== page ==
Residents' associations and RTs not only serve a security function but nurture neighbourliness, racial integrity and national unity, she said.

Neighbourly ties can help prevent crime as neighbours look out for each other, she said.

"When you balik kampung for instance, your neighbour can help keep an eye on your house. But for most urbanites, with our hectic lifestyles, we hardly get to see, what more to know, our neighbours. So we need  neighbourhood activities where such ties can be fostered." she said.

RAs also help establish closer ties with the local authorities and the police which can lead to things getting done faster.

According to Norazila, RAs are usually set up in upper middle to higher income group areas as they are able to fund them on their own and because they are the usual targets of criminals.

On the other hand, RTs which are funded by the government, are usually set up in middle to lower income residential areas.

Although neighbourhood initiatives have much going for them, it is no easy task getting residents to join in.

Neighbourhood watches get better support when crime hits close to home, as the Bandar Sri Damansara experience showed. There is no denying that only when residents feel threatened do they see the need to act.

"It is usually the ones who have had close encounters with crime who are more committed," Chan said.

Hence, other than neighbourhood patrols, which demand loads of commitment, time and effort on the part of the residents, the other more recent alternative is to turn residential areas into gated communities.

Such neighbourhoods exude an aura of security. Visitors have to check in at sentry points leading into the housing area. Private security guards are on duty round-the-clock or at specific hours.

As the public feels the need to regularly look over their shoulder, demand for such security services are steadily rising.

According to the Internal Security Ministry, there are at present around 315 security firms employing 150,000 security guards in the country.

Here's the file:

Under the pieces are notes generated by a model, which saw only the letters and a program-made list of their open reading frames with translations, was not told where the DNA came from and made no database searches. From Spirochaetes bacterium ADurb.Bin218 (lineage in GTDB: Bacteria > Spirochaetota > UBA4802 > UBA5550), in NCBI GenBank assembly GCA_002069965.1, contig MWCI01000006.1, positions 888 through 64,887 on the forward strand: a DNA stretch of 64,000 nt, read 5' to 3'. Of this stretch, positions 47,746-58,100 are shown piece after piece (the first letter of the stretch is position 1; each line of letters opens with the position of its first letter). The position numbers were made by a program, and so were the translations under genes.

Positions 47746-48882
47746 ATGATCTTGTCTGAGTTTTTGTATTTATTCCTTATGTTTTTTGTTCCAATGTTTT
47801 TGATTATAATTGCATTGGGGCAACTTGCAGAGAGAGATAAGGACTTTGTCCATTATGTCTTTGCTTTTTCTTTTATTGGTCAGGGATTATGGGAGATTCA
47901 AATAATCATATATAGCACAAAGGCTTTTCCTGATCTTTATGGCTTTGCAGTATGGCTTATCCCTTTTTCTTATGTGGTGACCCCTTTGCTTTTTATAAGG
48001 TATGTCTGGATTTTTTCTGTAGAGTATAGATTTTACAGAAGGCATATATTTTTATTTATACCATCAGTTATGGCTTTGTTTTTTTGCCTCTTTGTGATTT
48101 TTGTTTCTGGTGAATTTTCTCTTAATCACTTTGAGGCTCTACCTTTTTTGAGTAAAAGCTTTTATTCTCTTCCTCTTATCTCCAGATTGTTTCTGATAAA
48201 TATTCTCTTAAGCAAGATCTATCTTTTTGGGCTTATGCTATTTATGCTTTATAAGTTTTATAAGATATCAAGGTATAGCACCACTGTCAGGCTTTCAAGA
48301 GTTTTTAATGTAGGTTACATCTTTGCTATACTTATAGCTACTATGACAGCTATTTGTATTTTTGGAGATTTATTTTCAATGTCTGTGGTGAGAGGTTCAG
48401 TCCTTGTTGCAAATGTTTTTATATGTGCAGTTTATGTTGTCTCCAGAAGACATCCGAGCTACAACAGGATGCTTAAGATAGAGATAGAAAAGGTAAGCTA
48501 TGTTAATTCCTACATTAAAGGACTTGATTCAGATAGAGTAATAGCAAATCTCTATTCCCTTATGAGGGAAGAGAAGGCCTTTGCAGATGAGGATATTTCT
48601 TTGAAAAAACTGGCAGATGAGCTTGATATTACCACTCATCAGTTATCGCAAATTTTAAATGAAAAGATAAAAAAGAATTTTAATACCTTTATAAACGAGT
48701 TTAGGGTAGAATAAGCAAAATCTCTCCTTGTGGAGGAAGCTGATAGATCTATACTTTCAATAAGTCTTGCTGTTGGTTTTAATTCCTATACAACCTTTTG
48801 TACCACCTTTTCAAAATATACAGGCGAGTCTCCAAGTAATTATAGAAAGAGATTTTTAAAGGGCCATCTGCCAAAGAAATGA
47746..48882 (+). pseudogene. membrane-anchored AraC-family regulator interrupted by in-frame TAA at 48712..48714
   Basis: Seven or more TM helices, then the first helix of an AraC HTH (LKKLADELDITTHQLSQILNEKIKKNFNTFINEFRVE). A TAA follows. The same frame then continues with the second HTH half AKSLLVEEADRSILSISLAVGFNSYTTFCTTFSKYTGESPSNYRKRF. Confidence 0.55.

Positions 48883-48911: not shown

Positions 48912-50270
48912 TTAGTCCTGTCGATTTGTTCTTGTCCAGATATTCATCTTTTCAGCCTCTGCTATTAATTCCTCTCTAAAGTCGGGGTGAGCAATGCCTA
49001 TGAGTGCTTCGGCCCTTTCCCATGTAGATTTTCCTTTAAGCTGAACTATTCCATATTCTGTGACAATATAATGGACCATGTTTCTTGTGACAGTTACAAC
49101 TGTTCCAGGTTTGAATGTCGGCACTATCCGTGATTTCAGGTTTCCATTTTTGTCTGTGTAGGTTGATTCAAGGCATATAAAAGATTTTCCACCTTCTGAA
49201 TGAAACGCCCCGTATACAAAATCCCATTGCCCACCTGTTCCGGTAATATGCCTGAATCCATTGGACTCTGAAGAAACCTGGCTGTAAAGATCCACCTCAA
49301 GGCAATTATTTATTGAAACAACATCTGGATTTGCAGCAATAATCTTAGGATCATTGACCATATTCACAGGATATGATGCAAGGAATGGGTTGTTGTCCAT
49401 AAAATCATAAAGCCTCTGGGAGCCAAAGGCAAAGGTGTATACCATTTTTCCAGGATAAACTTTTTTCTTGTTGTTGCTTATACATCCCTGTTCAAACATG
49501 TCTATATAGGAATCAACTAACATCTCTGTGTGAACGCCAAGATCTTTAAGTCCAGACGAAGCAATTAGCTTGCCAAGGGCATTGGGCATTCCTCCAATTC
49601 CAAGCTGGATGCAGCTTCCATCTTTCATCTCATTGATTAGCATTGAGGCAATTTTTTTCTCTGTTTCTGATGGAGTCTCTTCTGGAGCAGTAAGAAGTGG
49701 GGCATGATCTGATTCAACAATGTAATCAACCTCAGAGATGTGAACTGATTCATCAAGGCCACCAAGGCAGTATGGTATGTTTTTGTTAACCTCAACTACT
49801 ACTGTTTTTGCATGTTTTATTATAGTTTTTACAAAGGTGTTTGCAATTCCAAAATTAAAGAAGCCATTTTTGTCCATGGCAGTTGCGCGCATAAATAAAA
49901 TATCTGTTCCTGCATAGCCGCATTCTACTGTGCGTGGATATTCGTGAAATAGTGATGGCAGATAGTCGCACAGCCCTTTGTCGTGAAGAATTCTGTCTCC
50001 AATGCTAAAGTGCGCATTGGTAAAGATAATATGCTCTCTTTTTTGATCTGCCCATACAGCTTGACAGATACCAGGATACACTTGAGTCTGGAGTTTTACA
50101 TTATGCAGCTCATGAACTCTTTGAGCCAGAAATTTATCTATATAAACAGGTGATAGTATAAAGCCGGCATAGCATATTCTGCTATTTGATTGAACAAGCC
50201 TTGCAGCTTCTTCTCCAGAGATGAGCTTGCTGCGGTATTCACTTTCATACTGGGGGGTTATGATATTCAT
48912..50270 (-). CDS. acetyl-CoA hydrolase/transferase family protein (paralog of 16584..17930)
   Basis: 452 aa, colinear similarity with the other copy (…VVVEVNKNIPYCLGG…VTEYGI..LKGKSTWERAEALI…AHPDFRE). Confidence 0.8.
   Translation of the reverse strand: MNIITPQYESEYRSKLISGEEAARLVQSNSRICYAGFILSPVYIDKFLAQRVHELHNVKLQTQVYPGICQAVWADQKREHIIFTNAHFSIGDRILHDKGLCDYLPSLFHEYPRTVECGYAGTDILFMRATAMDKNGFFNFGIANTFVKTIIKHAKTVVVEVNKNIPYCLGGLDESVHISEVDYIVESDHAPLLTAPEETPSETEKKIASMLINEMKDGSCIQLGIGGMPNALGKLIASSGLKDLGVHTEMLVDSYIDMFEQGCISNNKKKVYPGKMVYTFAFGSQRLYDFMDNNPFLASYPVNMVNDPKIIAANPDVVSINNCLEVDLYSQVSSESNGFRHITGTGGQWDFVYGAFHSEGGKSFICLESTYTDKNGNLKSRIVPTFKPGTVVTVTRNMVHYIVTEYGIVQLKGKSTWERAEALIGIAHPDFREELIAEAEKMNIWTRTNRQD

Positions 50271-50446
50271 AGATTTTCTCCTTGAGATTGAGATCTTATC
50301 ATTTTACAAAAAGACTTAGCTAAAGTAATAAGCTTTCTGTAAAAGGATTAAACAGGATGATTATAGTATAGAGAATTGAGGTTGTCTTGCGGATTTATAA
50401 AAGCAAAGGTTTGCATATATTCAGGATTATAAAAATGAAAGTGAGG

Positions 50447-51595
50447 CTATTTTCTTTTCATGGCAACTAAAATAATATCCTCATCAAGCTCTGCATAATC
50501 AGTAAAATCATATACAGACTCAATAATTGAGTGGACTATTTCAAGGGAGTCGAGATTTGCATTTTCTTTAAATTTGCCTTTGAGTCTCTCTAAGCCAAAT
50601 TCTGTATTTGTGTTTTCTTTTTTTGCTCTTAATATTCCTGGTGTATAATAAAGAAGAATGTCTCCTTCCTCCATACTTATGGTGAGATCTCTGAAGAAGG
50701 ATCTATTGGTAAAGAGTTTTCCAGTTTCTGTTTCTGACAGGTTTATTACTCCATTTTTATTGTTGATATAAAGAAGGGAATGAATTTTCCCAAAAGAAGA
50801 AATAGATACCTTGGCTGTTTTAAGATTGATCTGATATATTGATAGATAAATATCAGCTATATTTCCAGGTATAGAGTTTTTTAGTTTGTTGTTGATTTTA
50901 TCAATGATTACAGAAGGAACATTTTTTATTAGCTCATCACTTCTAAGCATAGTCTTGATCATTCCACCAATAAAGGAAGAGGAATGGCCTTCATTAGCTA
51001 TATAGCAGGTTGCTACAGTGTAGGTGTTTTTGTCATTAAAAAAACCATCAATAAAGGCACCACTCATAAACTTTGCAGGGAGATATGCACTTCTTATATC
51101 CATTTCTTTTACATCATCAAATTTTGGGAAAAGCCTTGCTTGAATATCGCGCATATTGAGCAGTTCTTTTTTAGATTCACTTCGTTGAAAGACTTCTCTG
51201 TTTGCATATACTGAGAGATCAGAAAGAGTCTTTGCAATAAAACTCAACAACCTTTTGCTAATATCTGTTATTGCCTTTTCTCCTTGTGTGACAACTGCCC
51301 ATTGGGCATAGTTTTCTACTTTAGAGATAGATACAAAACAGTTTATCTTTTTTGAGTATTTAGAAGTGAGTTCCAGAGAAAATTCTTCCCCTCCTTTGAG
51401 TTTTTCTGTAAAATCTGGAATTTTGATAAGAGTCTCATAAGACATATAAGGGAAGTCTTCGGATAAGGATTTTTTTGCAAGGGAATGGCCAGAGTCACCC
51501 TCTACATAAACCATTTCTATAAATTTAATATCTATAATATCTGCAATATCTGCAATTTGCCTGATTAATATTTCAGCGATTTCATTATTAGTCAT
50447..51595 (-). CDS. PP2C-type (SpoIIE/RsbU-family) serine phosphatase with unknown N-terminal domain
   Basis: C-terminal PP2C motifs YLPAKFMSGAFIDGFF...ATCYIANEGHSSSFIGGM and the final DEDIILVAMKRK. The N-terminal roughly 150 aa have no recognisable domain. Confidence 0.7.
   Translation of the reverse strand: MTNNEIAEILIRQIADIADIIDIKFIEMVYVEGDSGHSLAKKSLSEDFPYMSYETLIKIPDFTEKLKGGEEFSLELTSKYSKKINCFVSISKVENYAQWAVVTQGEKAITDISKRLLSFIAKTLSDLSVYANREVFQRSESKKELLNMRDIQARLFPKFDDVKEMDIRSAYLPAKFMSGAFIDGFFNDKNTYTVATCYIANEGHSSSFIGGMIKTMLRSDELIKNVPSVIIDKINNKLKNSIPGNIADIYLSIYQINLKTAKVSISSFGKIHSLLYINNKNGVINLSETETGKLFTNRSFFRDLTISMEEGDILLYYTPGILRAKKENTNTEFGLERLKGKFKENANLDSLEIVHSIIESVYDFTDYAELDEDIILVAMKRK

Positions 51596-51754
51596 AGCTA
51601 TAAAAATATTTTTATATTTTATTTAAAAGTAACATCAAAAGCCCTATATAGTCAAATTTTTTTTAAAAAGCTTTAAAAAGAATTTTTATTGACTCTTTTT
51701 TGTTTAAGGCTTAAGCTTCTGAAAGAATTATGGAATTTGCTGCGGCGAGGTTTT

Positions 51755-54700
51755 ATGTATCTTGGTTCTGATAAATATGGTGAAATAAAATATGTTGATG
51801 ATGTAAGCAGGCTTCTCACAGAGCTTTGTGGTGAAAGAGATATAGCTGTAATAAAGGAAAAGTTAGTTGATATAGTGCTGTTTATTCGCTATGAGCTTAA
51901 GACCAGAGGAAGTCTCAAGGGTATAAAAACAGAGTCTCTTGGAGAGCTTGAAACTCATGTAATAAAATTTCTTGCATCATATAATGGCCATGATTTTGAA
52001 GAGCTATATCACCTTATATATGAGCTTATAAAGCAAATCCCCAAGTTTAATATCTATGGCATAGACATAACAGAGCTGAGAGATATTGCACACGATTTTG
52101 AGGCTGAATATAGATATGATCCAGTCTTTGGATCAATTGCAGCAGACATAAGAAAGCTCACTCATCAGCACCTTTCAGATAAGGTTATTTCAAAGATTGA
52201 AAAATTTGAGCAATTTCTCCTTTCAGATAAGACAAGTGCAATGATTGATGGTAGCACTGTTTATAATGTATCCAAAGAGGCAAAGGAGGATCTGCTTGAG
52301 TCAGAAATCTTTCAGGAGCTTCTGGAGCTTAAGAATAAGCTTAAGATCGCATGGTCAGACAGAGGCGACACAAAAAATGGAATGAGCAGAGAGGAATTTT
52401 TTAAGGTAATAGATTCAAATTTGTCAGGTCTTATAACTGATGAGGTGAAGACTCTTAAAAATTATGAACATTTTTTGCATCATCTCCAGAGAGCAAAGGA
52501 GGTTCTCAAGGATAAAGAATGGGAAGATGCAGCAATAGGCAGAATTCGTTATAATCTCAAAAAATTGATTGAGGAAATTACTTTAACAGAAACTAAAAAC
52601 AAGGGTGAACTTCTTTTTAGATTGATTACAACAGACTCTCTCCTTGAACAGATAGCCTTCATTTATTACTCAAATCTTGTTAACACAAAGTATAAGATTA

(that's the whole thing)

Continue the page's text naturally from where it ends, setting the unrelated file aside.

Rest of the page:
Many new residential developments are featured as gated communities in response to the demand for safer homes.

"Safety is an important aspect when people buy houses, or where people choose to stay," Norazila said.

The MCPF has a safe city programme which is aimed at raising awareness among the various parties including contractors, developers, local authorities and residents themselves on the importance of proper environmental design of housing areas in curbing crime and creating safer living environments.

Developers and local authorities should ensure that housing areas encompass security factors in their planning and design, Norazila said.

A housing developer can, for instance, provide residents with security services such as CCTVs as a feature of the development or incorporate safety into the design of its facilities.

The Bangsar zone, where the "Safe City" initiative began in 1998, is a pioneer in this regard.

Responding the recent spate of snatch thefts, the Housing and Local Government Ministry has called on local authorities to consider enhancing pedestrian safety in the form of barriers between roads and walkways and to ensure adequate lighting and to set up CCTVs in crime-prone areas.

The people can also do much in preventing crime by putting safety first and by making the local police their partners in curbing crime.

For instance, they can provide information to the police of any suspicious activities or people around the neighbourhood, Norazila said.

"Simple things like locking up your house before you go to bed help. Lack of safety consciousness makes it easy for criminals to act.

"The police force is trying hard to improve, and we have to help them," she said.

As Chan says, anyone of us can be the next victim. We should not wait until some tragedy befalls us before we decide to get involved.